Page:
10. To automate steps 5 - 7, create a file called .gdbinit in the kernel build directory containing the following lines:

      file netbsd.gdb
      set remotebreak 1
      set remotebaud 9600
      target remote /dev/tty01

    Now you can start debugging by just typing gdb.

Troubleshooting (top)

If things don't work, try some of these:

  • Reboot the TARGET without specifying -d. You should see a message similar to the following one displayed in the device probes. If you don't see the second line, either you didn't get KGDB enabled in the kernel you built, or you're running the wrong kernel:

      com0 at isa0 port 0x3f8-0x3ff irq4: ns16550a, working fifo
      com0: kgdb
  • Make sure the serial ports and cable work with a normal application: boot the TARGET with a non-KGDB kernel and try running tip between the two machines. If you don't know about tip, here's a quick rundown on what to do:

    • put the following lines in /etc/remote on both the TARGET and the REMOTE machines:

      	tty00-9600:dv=/dev/tty00:br#9600:pa=none:dc:
      	tty01-9600:dv=/dev/tty01:br#9600:pa=none:dc:
    • on the TARGET, give the command tip tty00-9600, and on the REMOTE do tip tty01-9600

    • type characters at the keyboard of each machine - the characters should echo to the other machine's display.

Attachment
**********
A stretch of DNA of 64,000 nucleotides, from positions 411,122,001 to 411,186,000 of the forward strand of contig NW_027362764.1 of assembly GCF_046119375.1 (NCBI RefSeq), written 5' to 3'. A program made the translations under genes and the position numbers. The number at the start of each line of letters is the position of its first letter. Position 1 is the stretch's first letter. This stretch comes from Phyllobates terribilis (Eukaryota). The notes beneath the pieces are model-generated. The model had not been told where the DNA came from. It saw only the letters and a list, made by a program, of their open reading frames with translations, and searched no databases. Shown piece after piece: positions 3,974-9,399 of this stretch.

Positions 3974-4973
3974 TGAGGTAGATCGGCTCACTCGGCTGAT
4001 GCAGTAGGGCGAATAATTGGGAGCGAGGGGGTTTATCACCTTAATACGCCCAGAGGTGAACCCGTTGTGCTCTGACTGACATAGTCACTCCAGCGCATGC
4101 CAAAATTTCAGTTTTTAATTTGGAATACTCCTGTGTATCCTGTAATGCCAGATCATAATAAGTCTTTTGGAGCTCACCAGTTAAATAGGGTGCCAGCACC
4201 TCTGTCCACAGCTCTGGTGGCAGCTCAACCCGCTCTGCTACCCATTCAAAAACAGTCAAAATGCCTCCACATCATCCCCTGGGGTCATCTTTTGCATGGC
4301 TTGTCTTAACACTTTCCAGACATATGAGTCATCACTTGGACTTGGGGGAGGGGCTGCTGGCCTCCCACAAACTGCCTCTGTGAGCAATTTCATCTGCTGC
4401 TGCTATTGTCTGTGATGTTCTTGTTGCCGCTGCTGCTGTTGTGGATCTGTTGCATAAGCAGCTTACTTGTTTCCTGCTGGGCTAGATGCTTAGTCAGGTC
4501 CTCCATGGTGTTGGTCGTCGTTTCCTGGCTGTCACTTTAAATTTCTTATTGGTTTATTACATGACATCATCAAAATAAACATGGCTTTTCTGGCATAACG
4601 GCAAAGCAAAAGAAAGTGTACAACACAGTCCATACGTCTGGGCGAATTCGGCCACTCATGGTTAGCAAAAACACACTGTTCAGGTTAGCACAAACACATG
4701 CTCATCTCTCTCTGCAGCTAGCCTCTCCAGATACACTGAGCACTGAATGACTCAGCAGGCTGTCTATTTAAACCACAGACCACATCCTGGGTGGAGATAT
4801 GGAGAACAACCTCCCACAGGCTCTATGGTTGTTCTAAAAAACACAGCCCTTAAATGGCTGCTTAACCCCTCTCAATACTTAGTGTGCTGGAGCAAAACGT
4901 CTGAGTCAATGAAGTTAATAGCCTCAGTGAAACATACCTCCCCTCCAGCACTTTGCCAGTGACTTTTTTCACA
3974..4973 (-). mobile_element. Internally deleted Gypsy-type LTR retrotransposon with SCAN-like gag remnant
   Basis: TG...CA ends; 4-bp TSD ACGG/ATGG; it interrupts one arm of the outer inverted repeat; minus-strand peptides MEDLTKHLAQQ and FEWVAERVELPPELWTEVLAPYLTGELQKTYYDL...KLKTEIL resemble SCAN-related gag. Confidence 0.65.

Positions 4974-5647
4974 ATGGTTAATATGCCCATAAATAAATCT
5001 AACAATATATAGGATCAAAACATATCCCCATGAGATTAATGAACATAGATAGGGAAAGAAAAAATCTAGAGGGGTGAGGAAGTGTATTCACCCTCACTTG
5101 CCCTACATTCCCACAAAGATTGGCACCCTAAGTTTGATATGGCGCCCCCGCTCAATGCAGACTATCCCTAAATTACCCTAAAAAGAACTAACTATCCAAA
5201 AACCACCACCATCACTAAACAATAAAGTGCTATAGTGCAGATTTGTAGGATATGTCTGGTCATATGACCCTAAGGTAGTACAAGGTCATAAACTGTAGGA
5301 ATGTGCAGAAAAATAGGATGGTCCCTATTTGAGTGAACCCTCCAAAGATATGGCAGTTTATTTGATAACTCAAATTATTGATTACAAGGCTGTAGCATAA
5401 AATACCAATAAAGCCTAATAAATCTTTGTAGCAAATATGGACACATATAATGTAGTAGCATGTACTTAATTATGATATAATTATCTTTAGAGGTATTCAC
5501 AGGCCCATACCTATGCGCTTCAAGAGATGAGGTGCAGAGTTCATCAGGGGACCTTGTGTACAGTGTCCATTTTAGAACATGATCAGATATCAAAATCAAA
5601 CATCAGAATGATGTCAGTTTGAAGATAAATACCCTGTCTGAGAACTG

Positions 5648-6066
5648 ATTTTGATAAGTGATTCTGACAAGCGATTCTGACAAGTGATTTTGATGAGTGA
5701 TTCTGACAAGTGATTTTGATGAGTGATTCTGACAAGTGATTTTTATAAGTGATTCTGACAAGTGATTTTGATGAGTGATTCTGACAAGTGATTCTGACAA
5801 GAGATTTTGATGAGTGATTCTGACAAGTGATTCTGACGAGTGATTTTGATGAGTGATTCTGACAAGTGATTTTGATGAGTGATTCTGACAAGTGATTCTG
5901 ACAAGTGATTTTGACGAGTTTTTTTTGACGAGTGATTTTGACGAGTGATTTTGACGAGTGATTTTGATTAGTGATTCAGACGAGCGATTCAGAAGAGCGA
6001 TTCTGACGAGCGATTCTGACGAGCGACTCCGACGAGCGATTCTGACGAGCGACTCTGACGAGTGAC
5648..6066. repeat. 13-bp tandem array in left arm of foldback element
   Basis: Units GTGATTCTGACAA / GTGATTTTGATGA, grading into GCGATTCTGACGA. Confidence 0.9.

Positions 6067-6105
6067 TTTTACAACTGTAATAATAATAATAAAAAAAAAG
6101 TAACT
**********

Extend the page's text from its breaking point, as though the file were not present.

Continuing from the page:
• Double check the line for your tty in /etc/ttys, and reboot to make sure it has taken effect.

  • In all the above discussion, I've assumed you were running as root. tip and gdb may not work if you're running as a normal user (depending on the permissions of /dev/tty0*). Of course, running as root is not an advisable normal strategy. Instead, you should do this:

    1. put /dev/tty0* in group wheel (if it isn't already)

    2. add your username to the wheel line in /etc/group

    3. add your username to the dialer line in /etc/group

    (2) will allow your gdb process (and other processes run by you) to open the tty, (3) will allow you to run tip.

General Caveats (top)

  1. You may sometimes notice a long pause after you've entered a command until you get a response back - this seems to be due to bad data on the serial connection; after a short pause and a retransmit, everything is back on track. setting remotetimeout to a value lower than the default 20 seconds helps immensely. (This was reported by one person to be caused (in his case) by having a kernel printf() executed between commands; this apparently somehow corrupted the gdb data).

  2. Ctrl-C may not work if the kernel has lock some high priority interrupts (depending on the port), ie you can't break an endless loop in splimp() on the i386, but if you place a breakpoint before the loop you can single-step through it.